- the "dance" of swapping feet, particularly on a wave
- the feel of landing air gybes to toe side
- the greater wind range of a single board
- the nimbleness of the board out of the straps
- the aesthetics of the directional board and fins
.


Pretty much everything you list as a benefit or turn-on about directionals reads as a personal gripe list from my point of view. :lol:

-I can understand the speed over chop, but the noise factor would drive me f-kin nuts.
-I do it in the water because I like to get wet. I guess I might feel differently about it if the water was 35*, so I'll concede the point a little bit. :D
-The dance of switching feet is something I don't want to bother with, ever!
-Landing cool tricks you like is always fun, so I'll give you that one. :thumb:
-No straps to me means no giant boosts, or really awkward boosts, which extrapolates to less fun!
-Directionals are big and clunky, thick, easier to damage, and come with the added bonus of giant fins to watch out for scratching the paint on your car, breaking them off unloading the board from the car, breaking them off in the shallows, stabbing yourself to death on a bailed boost... TTs are more convenient to transport, less fragile, easier to boost, less dangerous in a yard sale wipeout, and easier to learn on. The tradeoff is that they have less float, they are a little less nimble, they are a little less fun while traveling in the same general direction of the waves, and chop tends to screw with you a little more. All in all, it's a sacrifice I'm willing to make. That's not to say I won't ever mess around on one, but rather that I'm fine with the tradeoff for my style of riding. :D


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 Post subject: Re: Why directional
PostPosted: Fri Nov 30, 2012 4:24 am 
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Johnny Rotten wrote:
Surfing on a twintip just sucks, you're always catching edges if you try to turn hard. Cuz the boards don't have enough rocker to attack a steep wave face aggresively. If it did have enough rocker it would be ridculously inefficient to have that kinda rocker in the tail.

A twin tip doesn't take long to get to the level of unhooking and throwing s-bends....keeping the challenge alive from there usually involves alot of commitment,crashing pain, and possibly an ACL or two....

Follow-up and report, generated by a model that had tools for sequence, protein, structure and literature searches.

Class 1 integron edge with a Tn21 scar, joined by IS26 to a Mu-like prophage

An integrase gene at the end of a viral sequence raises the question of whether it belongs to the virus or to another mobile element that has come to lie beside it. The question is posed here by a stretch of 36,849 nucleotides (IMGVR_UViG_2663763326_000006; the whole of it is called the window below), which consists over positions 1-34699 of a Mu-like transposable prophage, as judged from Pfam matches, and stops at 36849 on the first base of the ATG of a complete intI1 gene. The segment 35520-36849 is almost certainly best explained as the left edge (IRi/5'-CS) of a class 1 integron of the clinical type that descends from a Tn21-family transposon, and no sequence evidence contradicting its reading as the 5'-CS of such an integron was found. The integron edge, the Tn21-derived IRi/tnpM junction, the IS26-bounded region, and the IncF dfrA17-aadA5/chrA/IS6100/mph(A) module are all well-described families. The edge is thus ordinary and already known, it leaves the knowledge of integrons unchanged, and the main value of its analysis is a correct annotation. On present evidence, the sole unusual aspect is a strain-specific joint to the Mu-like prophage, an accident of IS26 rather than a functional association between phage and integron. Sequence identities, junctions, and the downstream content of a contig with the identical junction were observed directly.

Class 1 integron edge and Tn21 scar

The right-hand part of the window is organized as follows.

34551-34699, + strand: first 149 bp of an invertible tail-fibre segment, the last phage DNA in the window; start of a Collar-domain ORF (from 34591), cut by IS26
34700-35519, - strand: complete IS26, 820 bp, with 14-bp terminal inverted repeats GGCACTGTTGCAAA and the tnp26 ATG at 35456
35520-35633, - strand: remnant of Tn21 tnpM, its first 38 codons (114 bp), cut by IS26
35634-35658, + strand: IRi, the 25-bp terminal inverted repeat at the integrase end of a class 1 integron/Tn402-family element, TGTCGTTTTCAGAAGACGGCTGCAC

Riding strapless, can be super challenging, and is tons of fun without being such a beat down on your body (big wave surfing excluded)

For me I ride both...depending on conditions. usually after 4 hours practicing stuff on my twin tip, my arms, upper back and abs need a rest.....stop, get lunch, then surfboard for the rest of the day

Rotten sorry for you... you have been riding the right boards for flats but be aware there are great boards for freeriding that have none of issues you describe (ahem, it's also up to the rider skill of course)...


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 Post subject: Re: Why directional
PostPosted: Fri Nov 30, 2012 12:36 pm 
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Flight Time wrote:
OzBungy wrote:
I am currently enjoying my strapped kite surfboard (F-One Fish, not a normal surfboard at all) and my Sector 60 V3. The TT's don't even make it out of the garage rack. They're still fun but I am currently enjoying more the things I can do with the directionals.

The things I enjoy with the directionals is:
- the speed over chop
- staying dry
- the "dance" of swapping feet, particularly on a wave
- the feel of landing air gybes to toe side
- the greater wind range of a single board
- the nimbleness of the board out of the straps
- the aesthetics of the directional board and fins
.


Pretty much everything you list as a benefit or turn-on about directionals reads as a personal gripe list from my point of view. :lol:

-I can understand the speed over chop, but the noise factor would drive me f-kin nuts.
-I do it in the water because I like to get wet. I guess I might feel differently about it if the water was 35*, so I'll concede the point a little bit. :D
-The dance of switching feet is something I don't want to bother with, ever!
-Landing cool tricks you like is always fun, so I'll give you that one. :thumb:
-No straps to me means no giant boosts, or really awkward boosts, which extrapolates to less fun!
-Directionals are big and clunky, thick, easier to damage, and come with the added bonus of giant fins to watch out for scratching the paint on your car, breaking them off unloading the board from the car, breaking them off in the shallows, stabbing yourself to death on a bailed boost... TTs are more convenient to transport, less fragile, easier to boost, less dangerous in a yard sale wipeout, and easier to learn on. The tradeoff is that they have less float, they are a little less nimble, they are a little less fun while traveling in the same general direction of the waves, and chop tends to screw with you a little more. All in all, it's a sacrifice I'm willing to make. That's not to say I won't ever mess around on one, but rather that I'm fine with the tradeoff for my style of riding. :D